Haldeman has written at least one produced Hollywood movie script. The film, a low-budget science fiction film called Robot Jox, was released in 1990.[14] He was not entirely happy with the product, saying "to me it’s as if I’d had a child who started out well and then sustained brain damage".[15]

In a 2016 interview, Haldeman said, "Jack of all trades, master of none I think. It’s a way to go. Not all writers go that way, but many of them do. On a day-to-day basis I wake up in the morning and I can do anything I feel like doing. I don’t say, uh oh, I’ve get back to that damn novel again. I can always write a poem or something. ... " [16]

Major awards[edit | edit source]

The Science Fiction Writers of America officers and past presidents selected Haldeman as the 27th SFWA Grand Master in 2009, and he received the corresponding Damon Knight Memorial Grand Master Award for lifetime achievement as a writer during Nebula Awards weekend in 2010.[1][2] The Science Fiction Hall of Fame inducted him in June 2012.[3]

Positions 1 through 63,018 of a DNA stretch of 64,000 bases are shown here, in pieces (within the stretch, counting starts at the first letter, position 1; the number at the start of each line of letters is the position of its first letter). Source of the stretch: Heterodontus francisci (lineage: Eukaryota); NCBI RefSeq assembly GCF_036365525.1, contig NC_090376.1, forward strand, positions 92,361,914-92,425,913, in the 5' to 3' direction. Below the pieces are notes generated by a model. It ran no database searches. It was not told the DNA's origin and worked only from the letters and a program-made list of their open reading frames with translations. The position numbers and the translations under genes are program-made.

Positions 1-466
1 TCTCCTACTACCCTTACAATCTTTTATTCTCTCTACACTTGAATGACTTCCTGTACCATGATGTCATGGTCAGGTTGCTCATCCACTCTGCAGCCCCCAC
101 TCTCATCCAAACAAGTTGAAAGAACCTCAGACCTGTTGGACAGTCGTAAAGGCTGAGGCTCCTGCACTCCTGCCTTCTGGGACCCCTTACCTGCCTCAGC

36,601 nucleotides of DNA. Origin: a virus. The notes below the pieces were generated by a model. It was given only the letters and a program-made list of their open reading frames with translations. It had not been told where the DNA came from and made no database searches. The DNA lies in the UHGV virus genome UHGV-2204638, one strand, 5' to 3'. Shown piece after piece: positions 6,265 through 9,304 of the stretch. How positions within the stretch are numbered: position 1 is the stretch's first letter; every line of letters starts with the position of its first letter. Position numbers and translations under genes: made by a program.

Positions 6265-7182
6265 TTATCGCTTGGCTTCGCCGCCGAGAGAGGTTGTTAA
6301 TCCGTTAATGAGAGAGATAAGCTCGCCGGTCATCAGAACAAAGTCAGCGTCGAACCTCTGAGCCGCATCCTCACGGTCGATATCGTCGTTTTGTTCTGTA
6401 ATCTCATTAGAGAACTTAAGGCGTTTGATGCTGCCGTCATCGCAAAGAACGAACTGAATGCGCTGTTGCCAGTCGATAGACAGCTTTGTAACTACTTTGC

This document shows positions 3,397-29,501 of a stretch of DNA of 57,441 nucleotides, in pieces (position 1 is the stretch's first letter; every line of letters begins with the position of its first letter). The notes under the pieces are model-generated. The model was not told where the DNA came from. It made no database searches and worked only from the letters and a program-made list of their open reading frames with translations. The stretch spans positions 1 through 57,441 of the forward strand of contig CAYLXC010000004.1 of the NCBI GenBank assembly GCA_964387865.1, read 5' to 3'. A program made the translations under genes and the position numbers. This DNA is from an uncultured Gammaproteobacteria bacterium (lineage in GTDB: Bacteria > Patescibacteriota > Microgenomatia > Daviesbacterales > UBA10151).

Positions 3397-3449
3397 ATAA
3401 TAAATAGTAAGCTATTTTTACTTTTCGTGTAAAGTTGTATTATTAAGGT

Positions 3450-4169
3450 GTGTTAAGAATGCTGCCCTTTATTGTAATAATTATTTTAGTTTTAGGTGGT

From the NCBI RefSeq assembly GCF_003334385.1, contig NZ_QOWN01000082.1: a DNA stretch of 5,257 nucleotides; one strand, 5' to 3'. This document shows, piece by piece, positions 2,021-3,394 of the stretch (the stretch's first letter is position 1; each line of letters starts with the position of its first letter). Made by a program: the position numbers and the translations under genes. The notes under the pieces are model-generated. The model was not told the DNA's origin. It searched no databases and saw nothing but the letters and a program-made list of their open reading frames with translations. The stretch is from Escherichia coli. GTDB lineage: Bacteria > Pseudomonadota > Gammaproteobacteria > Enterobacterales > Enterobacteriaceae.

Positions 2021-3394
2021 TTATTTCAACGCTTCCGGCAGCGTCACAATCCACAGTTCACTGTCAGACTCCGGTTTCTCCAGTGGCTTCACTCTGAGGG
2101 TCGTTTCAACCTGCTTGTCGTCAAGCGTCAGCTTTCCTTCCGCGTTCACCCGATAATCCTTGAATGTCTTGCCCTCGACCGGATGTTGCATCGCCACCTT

He has also won numerous annual awards for particular works.[1]

He is a lifetime member of the Science Fiction and Fantasy Writers of America (SFWA), and past-president.[citation needed][17]

Hugo Award[edit | edit source]

John W. Campbell Memorial Award for Best Science Fiction Novel[edit | edit source]

  • Forever Peace (1998)[19]

Nebula Award[edit | edit source]

Locus Award[edit | edit source]

Rhysling Award[edit | edit source]

  • "Saul's Death" (1984) – Long Poem
  • "Eighteen Years Old, October Eleventh" (1991) – Short Poem
  • "January Fires" (2001) – Long Poem

World Fantasy Award[edit | edit source]

  • "Graves" (1993) – Short Fiction[22]